WCIT issue index (26 July 12)

Transcript

Stéphane Van Gelder: Thank you very much. Welcome everyone to this Council call on July the 20, 2012. And we have apologies from Wolf. He will be absent on this call.

Jeff Neuman will only be able to be with us for the first 30 minutes. So and that’s why we’re trying to start as soon as we can.

And Mason Cole will not have Internet access. So Mason if you’re on the line and you need to ask questions please just speak up so that I know that you need to be counted in the queue.

[Roll call]

Stéphane Van Gelder: Thanks Glen. And just for the record I will note that I am also present. And come to any statement of interest updates?

Hearing no updates, any calls to review or amend the agenda please?

Thomas Rickert: Would it make sense to discuss the defensive registration subject and the IOC debate while Jeff is on the call? This is (Thomas) sorry. Jeff would you like that?

Jeff Neuman: This is Jeff. That’s fine. I mean I can listen to the recording but if you guys want to do that that’d be great.

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According to Saki, “a man is known by the company he keeps”. When you cut through the hysteria, hyperbole and doomy predictions about WCIT, you’re left with the now-familiar Internet governance binary choice: ICANN or ITU.

Let’s leave aside for the moment the unanswerable, and unanswered, question of how a transition from one to the other would be made, whether the “Internet community’ would accept any forced change, or whether it would just go off and do its own thing (as usual). Let’s focus instead on which is better, ICANN or ITU.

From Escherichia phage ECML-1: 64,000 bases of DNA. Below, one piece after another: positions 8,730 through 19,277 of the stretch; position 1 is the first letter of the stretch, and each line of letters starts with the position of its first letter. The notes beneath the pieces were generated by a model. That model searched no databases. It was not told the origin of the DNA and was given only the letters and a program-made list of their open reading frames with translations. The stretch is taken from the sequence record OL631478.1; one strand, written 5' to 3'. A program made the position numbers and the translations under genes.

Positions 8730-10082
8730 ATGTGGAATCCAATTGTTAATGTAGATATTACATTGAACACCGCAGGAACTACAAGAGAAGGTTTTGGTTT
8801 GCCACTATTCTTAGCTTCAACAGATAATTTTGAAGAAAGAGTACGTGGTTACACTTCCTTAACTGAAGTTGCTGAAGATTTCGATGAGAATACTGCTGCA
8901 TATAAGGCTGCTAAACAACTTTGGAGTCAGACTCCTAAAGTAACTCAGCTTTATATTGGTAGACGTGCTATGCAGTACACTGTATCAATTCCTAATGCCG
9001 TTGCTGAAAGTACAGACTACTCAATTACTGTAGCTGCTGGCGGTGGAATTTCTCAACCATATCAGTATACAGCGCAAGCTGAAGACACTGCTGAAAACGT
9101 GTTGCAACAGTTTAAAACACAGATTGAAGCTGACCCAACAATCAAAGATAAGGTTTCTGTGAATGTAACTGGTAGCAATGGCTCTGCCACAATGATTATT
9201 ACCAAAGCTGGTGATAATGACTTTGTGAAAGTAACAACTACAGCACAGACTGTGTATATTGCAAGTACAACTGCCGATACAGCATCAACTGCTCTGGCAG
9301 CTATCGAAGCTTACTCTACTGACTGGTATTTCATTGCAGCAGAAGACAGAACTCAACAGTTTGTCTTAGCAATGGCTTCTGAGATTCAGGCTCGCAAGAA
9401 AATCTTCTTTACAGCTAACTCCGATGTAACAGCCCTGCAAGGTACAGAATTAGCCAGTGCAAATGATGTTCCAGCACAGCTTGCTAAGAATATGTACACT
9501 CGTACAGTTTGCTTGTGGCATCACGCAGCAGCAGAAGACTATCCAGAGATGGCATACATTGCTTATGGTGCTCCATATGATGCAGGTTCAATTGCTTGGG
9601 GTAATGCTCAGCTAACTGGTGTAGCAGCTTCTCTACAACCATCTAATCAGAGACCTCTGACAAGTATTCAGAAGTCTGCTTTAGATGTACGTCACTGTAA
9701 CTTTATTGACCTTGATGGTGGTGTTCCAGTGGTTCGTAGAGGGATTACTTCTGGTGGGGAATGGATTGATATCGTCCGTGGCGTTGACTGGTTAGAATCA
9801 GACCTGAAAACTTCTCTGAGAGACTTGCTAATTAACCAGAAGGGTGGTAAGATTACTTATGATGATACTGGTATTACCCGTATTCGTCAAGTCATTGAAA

It’s clear that if these things were done on merit, neither organisation covers itself in glory. ICANN, the enfant terrible of Internet governance is the once-beautiful child, full of potential, capable of greatness, now transformed into the spotty, grunting adolescent, slouching in doorways and developing unsociable habits. It continues to baffle observers by its capacity to ignore the things it should be doing, and do the things it shouldn’t.

Resource

The following speech was given by Estonian President Toomas Hendrik Ilves on 8 June 2012 at the 4th International Conference of Cyber Conflict in Tallinn. You can also read it on the Presidential website.


Cyber-security and liberal democracies

For the last three conferences here in Tallinn, I have focused on technological threats from cyberspace. I shan't spend much time on these matters today. Recent events only have confirmed and brought into the public eye what you at this conference have been discussing for years.

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What is the WCIT?

The World Conference on International Telecommunications 2012 (WCIT-12) is an international meeting hosted by the ITU. It'll review the ITRs and will take place in Dubai, United Arab Emirates, from 3 to 14 December 2012.

Ok, that's too many acronyms. From the top: what's the ITU?